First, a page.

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Simulation studies use computer intensive procedures to assess the performance of a variety of statistical methods in relation to a known truth. Such evaluation cannot be achieved with studies of real data alone. Designing high-quality simulations that reflect the complex situations seen in practice, such as in prognostic factors studies, is not a simple process. Unfortunately, very few published simulation studies provide sufficient details to allow readers to understand fully all the processes required to design a simulation study. When planning a simulation study, it is recommended that a detailed protocol be produced, giving full details of how the study will be performed, analysed and reported. This paper details the important considerations necessary when designing any simulation study, including defining specific objectives of the study, determining the procedures for generating the data sets and the number of simulations to perform. A checklist highlighting the important considerations when designing a simulation study is provided. A small review of the literature identifies the current practices within published simulation studies.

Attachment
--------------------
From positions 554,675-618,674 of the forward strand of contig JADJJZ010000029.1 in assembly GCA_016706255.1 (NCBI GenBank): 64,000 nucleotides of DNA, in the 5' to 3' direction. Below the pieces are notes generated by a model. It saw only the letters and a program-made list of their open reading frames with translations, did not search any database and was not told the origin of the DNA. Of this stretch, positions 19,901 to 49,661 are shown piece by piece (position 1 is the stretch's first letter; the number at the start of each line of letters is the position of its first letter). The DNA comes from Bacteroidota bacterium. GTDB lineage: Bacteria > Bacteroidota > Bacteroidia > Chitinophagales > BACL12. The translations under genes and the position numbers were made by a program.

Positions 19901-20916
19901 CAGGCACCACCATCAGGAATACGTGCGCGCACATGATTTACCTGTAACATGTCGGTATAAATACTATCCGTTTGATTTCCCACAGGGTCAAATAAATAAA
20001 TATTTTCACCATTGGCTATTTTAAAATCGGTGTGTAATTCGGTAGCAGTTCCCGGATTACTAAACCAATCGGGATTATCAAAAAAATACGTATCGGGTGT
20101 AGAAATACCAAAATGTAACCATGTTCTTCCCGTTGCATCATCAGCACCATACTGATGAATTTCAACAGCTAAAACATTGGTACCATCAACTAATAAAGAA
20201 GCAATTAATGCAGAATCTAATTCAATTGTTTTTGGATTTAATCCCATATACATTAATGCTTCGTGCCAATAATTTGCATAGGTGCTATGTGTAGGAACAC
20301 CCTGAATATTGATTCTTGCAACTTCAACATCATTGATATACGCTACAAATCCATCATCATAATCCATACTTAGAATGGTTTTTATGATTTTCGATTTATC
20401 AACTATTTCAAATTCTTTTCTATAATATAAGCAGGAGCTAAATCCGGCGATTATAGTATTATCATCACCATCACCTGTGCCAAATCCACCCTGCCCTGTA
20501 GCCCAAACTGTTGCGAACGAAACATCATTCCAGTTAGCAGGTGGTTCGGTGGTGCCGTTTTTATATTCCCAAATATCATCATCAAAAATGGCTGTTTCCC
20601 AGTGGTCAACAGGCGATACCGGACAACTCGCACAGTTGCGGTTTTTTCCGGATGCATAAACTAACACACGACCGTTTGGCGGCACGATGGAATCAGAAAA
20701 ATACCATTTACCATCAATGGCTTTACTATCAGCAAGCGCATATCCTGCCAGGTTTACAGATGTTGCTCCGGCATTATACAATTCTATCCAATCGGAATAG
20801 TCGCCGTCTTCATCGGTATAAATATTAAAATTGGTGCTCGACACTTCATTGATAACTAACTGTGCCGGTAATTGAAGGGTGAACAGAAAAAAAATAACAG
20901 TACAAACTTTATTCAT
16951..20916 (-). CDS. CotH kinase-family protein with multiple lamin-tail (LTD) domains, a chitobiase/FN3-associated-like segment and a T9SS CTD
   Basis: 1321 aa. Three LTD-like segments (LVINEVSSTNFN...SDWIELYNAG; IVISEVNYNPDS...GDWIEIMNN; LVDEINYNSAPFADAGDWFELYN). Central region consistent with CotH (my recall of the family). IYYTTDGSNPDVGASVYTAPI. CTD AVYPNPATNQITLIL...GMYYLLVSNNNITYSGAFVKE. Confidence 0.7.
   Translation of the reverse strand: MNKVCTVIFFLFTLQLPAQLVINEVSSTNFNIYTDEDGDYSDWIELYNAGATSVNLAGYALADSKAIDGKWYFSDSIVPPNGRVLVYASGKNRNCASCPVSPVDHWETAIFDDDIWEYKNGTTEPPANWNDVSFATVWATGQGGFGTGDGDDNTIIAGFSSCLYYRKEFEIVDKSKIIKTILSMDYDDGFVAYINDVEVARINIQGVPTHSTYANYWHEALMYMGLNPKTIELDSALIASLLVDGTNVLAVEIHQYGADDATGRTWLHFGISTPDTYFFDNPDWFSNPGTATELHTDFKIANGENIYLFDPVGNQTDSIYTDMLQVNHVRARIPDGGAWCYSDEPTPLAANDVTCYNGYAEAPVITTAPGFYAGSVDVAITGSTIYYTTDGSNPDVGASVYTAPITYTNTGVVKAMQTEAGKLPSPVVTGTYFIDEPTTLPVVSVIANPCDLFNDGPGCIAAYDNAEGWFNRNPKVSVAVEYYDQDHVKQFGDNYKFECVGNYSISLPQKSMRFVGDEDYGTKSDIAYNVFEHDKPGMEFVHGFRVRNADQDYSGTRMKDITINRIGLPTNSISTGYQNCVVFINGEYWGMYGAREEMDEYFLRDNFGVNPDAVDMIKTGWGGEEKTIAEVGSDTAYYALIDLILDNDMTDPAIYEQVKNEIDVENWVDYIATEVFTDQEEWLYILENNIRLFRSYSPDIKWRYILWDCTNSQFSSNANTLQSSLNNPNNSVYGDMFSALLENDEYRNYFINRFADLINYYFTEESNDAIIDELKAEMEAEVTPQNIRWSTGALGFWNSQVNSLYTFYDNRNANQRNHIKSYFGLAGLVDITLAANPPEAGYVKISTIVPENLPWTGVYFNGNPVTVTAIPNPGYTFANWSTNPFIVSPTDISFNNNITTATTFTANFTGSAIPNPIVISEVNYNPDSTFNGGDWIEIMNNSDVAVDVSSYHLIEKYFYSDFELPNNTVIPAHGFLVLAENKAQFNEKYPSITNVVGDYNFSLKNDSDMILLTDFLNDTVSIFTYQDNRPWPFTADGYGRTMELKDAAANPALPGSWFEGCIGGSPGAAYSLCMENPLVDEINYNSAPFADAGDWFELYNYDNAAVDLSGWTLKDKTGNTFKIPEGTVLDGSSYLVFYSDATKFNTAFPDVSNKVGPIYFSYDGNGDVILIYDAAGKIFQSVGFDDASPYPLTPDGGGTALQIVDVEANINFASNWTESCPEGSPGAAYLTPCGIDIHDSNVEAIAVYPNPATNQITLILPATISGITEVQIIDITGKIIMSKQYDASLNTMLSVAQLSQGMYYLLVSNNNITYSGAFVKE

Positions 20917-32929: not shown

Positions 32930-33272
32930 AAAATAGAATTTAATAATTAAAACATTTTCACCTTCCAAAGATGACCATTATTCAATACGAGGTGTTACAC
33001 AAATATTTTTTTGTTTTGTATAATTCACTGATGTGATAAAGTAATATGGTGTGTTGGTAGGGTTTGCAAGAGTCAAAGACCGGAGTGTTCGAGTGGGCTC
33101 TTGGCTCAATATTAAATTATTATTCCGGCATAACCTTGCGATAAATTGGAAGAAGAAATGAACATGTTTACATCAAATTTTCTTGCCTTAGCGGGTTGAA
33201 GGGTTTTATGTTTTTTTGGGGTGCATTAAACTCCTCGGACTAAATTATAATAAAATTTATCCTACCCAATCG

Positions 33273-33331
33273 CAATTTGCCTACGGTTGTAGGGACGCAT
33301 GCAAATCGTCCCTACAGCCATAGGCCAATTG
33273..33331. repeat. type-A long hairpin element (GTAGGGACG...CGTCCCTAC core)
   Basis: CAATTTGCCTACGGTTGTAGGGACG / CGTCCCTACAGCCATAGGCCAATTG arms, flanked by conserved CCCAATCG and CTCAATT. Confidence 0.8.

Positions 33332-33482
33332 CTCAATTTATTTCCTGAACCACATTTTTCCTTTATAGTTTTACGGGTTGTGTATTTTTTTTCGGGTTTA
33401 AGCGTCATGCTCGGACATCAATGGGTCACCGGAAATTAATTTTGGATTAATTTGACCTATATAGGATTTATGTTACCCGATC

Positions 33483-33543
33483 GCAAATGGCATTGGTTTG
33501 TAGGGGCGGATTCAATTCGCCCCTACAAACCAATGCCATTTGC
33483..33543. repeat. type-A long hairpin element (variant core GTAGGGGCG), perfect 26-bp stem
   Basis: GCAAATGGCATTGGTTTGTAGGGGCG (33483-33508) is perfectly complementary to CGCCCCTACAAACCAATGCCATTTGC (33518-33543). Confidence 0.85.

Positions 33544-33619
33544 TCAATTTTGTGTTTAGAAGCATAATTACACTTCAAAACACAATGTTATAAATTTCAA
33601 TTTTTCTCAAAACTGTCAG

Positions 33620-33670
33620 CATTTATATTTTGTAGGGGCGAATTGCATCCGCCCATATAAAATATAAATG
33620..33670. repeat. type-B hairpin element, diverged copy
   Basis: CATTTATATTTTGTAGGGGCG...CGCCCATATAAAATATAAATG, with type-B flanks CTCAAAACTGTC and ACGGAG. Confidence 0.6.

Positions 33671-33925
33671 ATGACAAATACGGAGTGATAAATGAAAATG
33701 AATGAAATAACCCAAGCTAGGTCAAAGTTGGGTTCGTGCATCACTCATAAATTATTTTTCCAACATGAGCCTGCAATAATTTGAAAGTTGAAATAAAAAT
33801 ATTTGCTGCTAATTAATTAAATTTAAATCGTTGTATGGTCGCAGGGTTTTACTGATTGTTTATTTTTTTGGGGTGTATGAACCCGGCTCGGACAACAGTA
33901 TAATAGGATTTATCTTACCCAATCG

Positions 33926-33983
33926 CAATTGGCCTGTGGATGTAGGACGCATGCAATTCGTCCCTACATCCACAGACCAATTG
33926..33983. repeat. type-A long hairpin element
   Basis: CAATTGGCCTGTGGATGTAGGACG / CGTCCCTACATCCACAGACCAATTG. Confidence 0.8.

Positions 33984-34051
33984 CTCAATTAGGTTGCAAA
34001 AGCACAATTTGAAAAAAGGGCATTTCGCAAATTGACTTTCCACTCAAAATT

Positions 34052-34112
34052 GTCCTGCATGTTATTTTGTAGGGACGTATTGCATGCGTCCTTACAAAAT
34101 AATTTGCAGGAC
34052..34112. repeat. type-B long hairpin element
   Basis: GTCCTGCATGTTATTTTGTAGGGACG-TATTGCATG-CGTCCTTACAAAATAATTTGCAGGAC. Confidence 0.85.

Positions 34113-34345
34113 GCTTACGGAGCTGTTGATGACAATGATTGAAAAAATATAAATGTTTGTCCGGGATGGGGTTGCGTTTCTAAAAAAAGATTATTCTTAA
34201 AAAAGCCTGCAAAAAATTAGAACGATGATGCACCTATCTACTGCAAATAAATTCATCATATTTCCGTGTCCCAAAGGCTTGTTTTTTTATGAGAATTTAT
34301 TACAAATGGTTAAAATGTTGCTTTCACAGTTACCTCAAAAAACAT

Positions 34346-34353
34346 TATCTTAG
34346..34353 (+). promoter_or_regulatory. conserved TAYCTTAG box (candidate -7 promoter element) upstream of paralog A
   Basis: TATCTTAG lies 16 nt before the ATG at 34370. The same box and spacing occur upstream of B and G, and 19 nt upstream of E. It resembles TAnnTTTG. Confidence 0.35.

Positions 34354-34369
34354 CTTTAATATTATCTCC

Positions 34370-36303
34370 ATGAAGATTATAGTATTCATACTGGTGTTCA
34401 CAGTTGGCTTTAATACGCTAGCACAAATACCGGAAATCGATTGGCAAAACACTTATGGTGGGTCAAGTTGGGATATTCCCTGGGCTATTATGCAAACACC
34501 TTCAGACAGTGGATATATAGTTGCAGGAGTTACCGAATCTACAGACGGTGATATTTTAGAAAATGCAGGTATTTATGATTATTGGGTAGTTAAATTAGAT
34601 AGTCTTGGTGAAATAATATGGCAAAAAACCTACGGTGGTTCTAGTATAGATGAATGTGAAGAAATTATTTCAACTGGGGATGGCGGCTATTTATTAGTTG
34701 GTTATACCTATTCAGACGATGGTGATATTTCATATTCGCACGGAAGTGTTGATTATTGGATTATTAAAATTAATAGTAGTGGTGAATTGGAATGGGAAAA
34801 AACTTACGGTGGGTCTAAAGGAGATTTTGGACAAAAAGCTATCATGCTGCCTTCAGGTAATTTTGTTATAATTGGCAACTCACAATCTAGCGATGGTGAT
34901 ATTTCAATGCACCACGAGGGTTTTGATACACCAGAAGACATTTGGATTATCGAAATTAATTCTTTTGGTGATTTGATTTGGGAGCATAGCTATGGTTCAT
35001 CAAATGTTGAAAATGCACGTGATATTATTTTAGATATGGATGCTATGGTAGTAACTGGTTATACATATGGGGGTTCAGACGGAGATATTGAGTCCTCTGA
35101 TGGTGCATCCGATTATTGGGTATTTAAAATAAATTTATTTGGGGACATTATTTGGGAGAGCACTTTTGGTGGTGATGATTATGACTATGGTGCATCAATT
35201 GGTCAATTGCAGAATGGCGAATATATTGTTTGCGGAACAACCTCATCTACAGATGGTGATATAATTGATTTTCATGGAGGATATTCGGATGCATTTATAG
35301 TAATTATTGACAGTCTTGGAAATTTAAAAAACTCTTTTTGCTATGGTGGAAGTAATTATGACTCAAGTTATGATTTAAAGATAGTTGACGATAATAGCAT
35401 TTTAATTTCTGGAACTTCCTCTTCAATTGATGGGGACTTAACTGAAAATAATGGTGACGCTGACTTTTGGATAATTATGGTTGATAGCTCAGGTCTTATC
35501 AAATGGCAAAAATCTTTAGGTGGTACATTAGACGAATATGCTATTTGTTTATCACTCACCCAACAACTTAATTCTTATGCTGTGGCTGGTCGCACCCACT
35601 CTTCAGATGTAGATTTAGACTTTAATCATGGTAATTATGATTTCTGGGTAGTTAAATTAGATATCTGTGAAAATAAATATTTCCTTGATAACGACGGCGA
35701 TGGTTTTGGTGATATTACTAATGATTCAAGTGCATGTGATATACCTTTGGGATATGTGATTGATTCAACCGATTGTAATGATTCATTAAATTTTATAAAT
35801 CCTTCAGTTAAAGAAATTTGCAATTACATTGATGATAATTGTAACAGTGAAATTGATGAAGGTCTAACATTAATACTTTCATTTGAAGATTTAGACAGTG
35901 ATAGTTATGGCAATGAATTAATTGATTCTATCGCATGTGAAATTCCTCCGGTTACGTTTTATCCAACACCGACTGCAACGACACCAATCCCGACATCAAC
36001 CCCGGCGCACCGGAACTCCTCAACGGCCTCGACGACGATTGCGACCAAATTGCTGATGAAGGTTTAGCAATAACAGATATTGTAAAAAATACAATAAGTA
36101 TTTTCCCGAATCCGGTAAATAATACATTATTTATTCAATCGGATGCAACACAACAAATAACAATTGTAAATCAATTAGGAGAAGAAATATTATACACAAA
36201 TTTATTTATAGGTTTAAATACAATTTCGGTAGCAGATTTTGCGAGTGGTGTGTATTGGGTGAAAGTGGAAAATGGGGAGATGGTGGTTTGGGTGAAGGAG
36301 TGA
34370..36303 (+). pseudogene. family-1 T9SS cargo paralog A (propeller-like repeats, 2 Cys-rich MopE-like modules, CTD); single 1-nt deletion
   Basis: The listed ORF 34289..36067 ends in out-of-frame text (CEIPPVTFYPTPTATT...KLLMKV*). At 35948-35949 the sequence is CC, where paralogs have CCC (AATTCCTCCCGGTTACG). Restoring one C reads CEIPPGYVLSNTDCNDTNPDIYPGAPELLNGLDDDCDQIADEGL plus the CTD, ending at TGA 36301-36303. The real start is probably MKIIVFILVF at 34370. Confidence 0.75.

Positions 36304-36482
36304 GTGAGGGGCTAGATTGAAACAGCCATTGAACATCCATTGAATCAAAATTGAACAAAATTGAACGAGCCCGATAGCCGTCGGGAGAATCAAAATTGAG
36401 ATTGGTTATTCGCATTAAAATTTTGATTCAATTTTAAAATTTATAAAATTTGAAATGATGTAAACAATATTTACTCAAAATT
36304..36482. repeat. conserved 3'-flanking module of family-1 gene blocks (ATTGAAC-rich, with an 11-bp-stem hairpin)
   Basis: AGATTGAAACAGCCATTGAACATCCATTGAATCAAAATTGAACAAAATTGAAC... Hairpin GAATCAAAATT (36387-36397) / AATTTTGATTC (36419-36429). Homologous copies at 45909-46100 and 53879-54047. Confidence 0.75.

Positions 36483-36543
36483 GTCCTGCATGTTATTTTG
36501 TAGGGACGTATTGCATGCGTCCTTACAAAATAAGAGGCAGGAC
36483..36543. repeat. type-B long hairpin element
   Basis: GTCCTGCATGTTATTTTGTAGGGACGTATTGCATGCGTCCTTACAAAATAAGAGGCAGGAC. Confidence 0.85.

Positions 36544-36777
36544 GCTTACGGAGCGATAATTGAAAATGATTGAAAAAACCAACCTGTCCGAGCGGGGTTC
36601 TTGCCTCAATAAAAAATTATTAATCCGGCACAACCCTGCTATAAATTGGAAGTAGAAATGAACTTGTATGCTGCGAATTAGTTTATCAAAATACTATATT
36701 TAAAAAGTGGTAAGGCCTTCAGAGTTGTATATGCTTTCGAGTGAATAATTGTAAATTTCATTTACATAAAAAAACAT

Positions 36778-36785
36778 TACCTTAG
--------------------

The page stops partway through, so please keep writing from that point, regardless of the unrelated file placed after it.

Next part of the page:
Original publication

DOI

10.1002/sim.2673

Type

Journal article

Journal

Statistics in medicine

Publication Date

12/2006

Volume

25

Pages

4279 - 4292

Addresses

Cancer Research UK/NHS Centre for Statistics in Medicine, Oxford, UK. andrea.burton@cancer.org.uk

Keywords

Humans, Biometry, Biomedical Research, Research Design, Computer Simulation